Due to an upper-level disturbance passing through the southwestern United States, abundant snowfall has fallen in New Mexico, southwestern Colorado and parts of Texas (see social media snowfall image here). Snow totals range from a few inches to 16 inches at higher elevations. Snowfall has been observed via surface observations and by satellite this morning, 28 December 2018 at ~16Z. Surface observations and satellite images are offset by ~13 minutes.
RAP Real-Time Weather Data – Surface Observations @ 1558Z, 28 December 2018.
Snowfall is observed (i.e. weather station plots displaying purple, asterisk symbols) in parts of New Mexico, Texas, and southwestern Colorado. Multiple asterisks imply heavier snow rates observed by site. Notice, large areas of New Mexico, that do not have surface observations; this is where satellite and radar data are helpful in observing snowfall rates in ‘surface data’- sparse regions.
NESDIS Snowfall Rate Product (NASA-SPoRT) – Snowfall Rate Product @ 1611Z, 28 December 2018.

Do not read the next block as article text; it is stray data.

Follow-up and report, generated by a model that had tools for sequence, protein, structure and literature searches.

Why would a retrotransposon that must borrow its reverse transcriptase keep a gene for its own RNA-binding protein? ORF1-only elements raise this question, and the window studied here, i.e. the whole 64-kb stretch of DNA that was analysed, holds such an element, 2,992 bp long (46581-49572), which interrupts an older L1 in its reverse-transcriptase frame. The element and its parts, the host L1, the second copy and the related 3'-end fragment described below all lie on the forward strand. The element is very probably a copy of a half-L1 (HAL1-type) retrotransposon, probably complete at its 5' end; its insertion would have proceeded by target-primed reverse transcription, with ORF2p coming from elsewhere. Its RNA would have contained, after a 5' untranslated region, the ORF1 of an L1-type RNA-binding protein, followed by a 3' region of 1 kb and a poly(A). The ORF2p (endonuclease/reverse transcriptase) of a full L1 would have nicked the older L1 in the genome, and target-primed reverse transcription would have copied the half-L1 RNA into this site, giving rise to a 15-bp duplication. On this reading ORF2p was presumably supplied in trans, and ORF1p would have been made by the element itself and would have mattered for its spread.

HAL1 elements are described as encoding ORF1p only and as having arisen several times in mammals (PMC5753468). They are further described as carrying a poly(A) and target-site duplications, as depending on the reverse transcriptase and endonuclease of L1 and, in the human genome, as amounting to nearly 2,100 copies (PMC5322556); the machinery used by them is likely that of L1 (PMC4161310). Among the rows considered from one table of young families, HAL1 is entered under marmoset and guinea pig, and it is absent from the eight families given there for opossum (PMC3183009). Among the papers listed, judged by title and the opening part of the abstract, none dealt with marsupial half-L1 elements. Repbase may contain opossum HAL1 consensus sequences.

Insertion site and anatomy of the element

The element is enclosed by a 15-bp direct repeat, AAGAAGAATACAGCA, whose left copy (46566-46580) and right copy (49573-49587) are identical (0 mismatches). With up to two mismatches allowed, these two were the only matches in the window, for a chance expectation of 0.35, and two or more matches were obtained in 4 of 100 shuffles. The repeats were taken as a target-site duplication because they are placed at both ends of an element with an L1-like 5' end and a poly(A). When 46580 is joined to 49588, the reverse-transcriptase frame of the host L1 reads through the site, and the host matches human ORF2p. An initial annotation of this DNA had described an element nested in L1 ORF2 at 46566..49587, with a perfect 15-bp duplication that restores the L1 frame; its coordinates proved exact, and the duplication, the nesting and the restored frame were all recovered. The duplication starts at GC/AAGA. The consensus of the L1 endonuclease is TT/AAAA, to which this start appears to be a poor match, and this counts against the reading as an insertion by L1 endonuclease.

The NESDIS Snowfall Rate Product utilizes microwave snowfall rate data derived from polar-orbiting satellites (e.g. S-NPP, MetOp, DMSP; note more polar-orbiters are implemented into the algorithm). Snowfall rate is shown in ‘liquid equivalent’, displayed in inches per hour, and millimeters per hour. Product utility is in observing snowfall rates in data-sparse regions, and identifying areas of heaviest snow. The image below, highlights the snowfall rate product at approximately 13 minutes after surface observations were observed. Snowfall rate product imagery indicates a widespread distribution of snowfall rates in New Mexico, and the surrounding states, where areas of heaviest snow are indicated in southwestern Colorado, central New Mexico and northern Texas. Maximum values range from 1-1.5 mm/hr or 0.04-0.06 inches/hour.
COD Weather – Radar Imagery @ 1610Z, 28 December 2018.
Collocated in time with satellite observations, the Albuquerque, NM radar imagery, shows regions of precipitation (green-to-yellow colors), in this case, areas of snowfall. However, take note that Albuquerque, NM is at high elevation (i.e. ~5300 feet) and is surrounded by high terrain. The Albuquerque, NM radar will interact with mountain ranges that may produce anomalous features (e.g. high dBZ values in an areas where it is not snowing). Radar coverage can also be poor in some areas, due to high terrain blocking radar signals, obscuring ambient atmospheric features.
More snowfall is expected for Albuquerque, NM for the next 24 hours.